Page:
The red pandas (close relatives of the raccoon and weasel) were very active this morning — showing off much of their tree climbing skills. Their quick movement proved a little difficult to manually focus with the Vivitar telephoto lens (the focus ring is a tad tight). By anticipating their movements and drive mode set to continuous, with some luck, I did manage to capture some reasonably sharp images.
Giant Panda (Ailuropoda melanoleuca)
The Giant Pandas were easier; Kai Kai was just lazing around at one spot and Jia Jia was moving in and out of her den slowly. She was too shy to stay out at the public exhibit area. The eyes were large but dark — can hardly see if the eye lids are opened or closed without zooming into the picture. These pandas are a sign of the twentieth anniversary of friendly Sino-Singapore relations. They arrived on September 2012, are on a ten year loan from China. [source: Wikipedia]
This solid all-metal prime lens has the longest focal length in my collection today. Think it was made in the 70’s. It is super sturdy and heavy; this handsomely-built lens should easily last another 40 years or more.
I was worried that it may be too heavy for the alpha7’s E-mount adapter, but I’m glad it came with a tripod mount. It has minimum aperture of f/22 and provides adequate sharpness at wide open. I find focusing a challenge because the focusing ring is stiff. Turning the ring will shake the lens and that’s not helpful when seeing through the EVF at such long focal length.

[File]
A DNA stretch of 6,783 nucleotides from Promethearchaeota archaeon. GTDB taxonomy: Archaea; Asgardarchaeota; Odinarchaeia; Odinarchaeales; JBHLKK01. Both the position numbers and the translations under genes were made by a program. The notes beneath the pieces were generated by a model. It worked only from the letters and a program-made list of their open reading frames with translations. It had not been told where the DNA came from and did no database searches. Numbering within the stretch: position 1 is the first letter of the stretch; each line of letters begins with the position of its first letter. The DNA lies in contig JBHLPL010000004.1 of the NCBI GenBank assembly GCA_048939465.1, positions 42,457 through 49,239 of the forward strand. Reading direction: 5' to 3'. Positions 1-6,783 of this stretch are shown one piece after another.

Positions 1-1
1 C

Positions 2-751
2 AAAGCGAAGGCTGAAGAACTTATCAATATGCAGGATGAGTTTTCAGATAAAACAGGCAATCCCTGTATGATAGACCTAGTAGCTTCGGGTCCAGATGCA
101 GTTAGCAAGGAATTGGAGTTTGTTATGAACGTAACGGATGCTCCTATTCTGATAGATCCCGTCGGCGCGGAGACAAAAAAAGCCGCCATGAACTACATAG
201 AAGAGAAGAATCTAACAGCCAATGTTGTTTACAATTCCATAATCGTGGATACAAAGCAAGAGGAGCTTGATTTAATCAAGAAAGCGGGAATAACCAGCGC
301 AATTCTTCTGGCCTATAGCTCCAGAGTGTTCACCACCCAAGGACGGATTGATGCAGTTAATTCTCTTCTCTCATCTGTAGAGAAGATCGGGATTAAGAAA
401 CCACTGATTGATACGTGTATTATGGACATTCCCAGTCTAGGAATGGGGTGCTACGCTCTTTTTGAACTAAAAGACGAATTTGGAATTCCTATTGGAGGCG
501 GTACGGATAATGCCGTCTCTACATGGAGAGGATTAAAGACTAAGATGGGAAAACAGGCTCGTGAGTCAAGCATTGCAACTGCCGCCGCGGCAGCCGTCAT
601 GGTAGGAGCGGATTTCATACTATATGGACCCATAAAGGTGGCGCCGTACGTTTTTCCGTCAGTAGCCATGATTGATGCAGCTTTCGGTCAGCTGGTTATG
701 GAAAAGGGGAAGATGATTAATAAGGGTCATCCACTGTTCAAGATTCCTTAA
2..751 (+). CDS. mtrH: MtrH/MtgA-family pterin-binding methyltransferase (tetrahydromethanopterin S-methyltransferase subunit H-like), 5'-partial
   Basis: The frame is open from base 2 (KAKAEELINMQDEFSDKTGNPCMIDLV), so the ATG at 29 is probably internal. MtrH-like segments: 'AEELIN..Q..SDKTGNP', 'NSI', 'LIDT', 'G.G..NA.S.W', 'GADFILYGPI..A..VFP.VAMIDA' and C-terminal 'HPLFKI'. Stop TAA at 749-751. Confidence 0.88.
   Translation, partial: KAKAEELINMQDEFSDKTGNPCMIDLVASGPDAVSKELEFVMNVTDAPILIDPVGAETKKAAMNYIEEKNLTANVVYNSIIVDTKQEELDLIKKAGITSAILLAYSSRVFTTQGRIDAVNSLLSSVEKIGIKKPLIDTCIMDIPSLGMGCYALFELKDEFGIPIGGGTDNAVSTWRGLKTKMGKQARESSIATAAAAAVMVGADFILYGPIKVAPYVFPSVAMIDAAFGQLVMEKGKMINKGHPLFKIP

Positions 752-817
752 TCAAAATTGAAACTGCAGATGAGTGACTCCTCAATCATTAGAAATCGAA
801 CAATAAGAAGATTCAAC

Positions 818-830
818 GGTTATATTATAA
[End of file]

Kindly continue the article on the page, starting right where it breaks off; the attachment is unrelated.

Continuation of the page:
However for the price I acquired it, the outcome makes it a real steal. Although it’s quite sensitive to stray light which causes overcast images when the lens points to bright areas, this is quite fixable by minor curves adjustment in post- processing.
Bought this lens off eBay. It has a minimum aperture lock, so according to a Wikipedia entry, it should be a post-1981 lens. I’m using it as a manual lens on the Sony Alpha 7 body.
The Alpha 7 has a couple of features which help manual focusing i.e. focus peaking which highlights the in-focus edges in red, yellow or white, and magnification which blows up a small area to fill the whole EVF or rear LCD (I prefer looking through the EVF). Having said this, I had some time struggling to shoot at f/1.7 — nailing the focus probably only 70% of the time during the first weekend. Hopefully my hit rate will improve.
I found it nevertheless fun. 🙂
I’m looking forward to more weekends with this 50mm prime lens. Meanwhile, I have also managed to snatch a 200mm off eBay and now waiting for it to be delivered! 🙂